Compliance may be defined as the extent to which the patient follows a prescribed regimen. The assumption that the patient follows directions on the prescription is unrealistic. The patient is the final and most important determinant of how successful a therapeutic regimen will be and should be engaged as an active participant with a vested interest in its success. The prescriber must promote a collaborative interaction with the patient in which each helps to determine the course of therapy. The patient's quality-of-life beliefs may differ from the clinician's therapeutic goals, and the patient will have the last word when there is an unresolved conflict. Suggestions for improving patient compliance are listed in Table A-2.

Even the most carefully prepared prescription for the ideal therapy will be useless if the patient's level of compliance is inadequate. Noncompliance, thought to occur 50% of the time, may be manifest in drug therapy as intentional or accidental errors in dosage or schedule, overuse, underuse, early termination of therapy, or not having a prescription filled. Noncompliance always should be considered in evaluating therapeutic failures.

1148 Appendix A Table A-2

Suggestions for Improving Patient Compliance

Provide respectful communication; ask patient how he takes medicine.

Develop satisfactory, collaborative relationship between doctor and patient; encourage pharmacist involvement.

Provide and encourage use of medication counseling.

Give precise, clear instructions, with most important information given first.

Support oral instructions with easy-to-read written information.

Simplify whenever possible.

Use mechanical compliance aids as needed (sectioned pill boxes or trays, compliance packaging, color-coding).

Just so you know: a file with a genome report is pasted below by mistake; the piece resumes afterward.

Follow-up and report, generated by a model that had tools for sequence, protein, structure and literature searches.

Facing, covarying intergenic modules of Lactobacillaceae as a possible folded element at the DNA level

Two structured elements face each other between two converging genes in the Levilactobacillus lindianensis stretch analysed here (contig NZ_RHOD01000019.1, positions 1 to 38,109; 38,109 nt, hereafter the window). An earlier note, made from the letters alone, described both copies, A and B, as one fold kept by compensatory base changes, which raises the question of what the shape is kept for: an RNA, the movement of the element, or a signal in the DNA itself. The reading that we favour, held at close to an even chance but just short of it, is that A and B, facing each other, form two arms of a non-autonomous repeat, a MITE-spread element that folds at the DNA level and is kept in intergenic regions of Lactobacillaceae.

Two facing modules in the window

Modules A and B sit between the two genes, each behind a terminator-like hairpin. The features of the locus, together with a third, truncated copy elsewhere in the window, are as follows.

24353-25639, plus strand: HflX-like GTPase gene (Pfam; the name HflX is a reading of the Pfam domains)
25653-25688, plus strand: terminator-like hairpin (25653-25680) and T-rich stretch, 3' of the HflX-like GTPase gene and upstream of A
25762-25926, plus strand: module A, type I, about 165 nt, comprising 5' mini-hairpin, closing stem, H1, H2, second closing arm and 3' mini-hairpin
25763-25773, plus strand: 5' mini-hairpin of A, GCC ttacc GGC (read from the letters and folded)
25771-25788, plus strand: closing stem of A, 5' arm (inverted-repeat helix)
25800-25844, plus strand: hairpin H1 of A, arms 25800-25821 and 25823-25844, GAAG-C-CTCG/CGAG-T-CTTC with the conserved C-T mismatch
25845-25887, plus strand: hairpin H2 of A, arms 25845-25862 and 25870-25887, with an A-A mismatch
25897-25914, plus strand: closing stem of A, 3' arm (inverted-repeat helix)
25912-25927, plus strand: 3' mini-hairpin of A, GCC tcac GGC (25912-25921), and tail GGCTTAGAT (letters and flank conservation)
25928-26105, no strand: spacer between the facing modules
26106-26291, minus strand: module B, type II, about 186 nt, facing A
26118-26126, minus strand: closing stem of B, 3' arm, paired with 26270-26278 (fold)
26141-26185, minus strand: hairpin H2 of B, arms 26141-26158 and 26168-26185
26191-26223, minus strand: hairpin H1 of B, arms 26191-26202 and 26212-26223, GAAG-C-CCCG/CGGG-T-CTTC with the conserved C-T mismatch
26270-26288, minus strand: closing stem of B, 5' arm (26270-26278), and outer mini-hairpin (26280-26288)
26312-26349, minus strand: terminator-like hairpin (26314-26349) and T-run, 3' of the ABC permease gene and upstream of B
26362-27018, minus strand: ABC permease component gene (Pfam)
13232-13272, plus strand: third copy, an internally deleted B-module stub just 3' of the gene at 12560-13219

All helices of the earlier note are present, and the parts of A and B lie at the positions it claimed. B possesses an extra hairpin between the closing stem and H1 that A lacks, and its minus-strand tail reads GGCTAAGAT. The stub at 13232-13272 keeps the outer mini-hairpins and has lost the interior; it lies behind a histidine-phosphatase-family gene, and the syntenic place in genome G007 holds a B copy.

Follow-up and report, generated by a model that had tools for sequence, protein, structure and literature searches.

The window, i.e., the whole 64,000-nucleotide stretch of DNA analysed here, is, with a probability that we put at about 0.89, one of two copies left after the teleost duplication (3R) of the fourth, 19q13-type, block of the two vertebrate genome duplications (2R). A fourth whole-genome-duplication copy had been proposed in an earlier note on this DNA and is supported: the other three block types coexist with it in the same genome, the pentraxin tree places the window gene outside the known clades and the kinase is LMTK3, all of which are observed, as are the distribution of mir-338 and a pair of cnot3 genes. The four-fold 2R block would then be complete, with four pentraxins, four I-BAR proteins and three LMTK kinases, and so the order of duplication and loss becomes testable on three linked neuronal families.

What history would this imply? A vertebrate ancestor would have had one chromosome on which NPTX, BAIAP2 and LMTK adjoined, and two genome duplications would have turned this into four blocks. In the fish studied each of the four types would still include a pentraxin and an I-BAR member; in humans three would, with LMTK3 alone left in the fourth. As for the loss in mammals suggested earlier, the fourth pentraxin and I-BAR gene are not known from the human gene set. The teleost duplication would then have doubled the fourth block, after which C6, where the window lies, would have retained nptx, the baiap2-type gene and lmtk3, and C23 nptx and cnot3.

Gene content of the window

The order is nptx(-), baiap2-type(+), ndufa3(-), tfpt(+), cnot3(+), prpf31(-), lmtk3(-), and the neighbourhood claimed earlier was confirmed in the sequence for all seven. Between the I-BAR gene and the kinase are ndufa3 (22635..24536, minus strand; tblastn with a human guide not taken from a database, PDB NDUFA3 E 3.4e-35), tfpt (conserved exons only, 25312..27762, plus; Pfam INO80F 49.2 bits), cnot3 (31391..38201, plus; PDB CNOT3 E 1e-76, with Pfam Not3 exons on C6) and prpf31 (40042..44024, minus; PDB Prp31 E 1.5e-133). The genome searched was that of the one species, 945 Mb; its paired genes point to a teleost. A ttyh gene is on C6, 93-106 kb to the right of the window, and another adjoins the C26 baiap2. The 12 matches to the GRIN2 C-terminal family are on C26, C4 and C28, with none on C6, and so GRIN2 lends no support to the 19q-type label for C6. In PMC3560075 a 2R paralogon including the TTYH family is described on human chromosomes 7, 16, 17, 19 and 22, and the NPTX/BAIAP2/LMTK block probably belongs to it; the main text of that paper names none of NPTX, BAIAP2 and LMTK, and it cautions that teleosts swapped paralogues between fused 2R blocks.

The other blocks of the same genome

Use optimal dosage form and schedule for the individual patient.

Assess patient's literacy and comprehension and modify educational counseling as needed. Don't rely on patient knowledge about his or her disease, alone, to improve compliance.

Find solutions when physical or sensory disabilities are present (use nonsafety caps on bottles, use large type on labels and written material, place tape marks on syringes).

Enlist support and assistance from family or caregivers.

Use behavioral techniques such as goal setting, self-monitoring, cognitive restructuring, skills training, contracts, and positive reinforcement.

Diabetes 2

Diabetes 2

Diabetes is a disease that affects the way your body uses food. Normally, your body converts sugars, starches and other foods into a form of sugar called glucose. Your body uses glucose for fuel. The cells receive the glucose through the bloodstream. They then use insulin a hormone made by the pancreas to absorb the glucose, convert it into energy, and either use it or store it for later use. Learn more...

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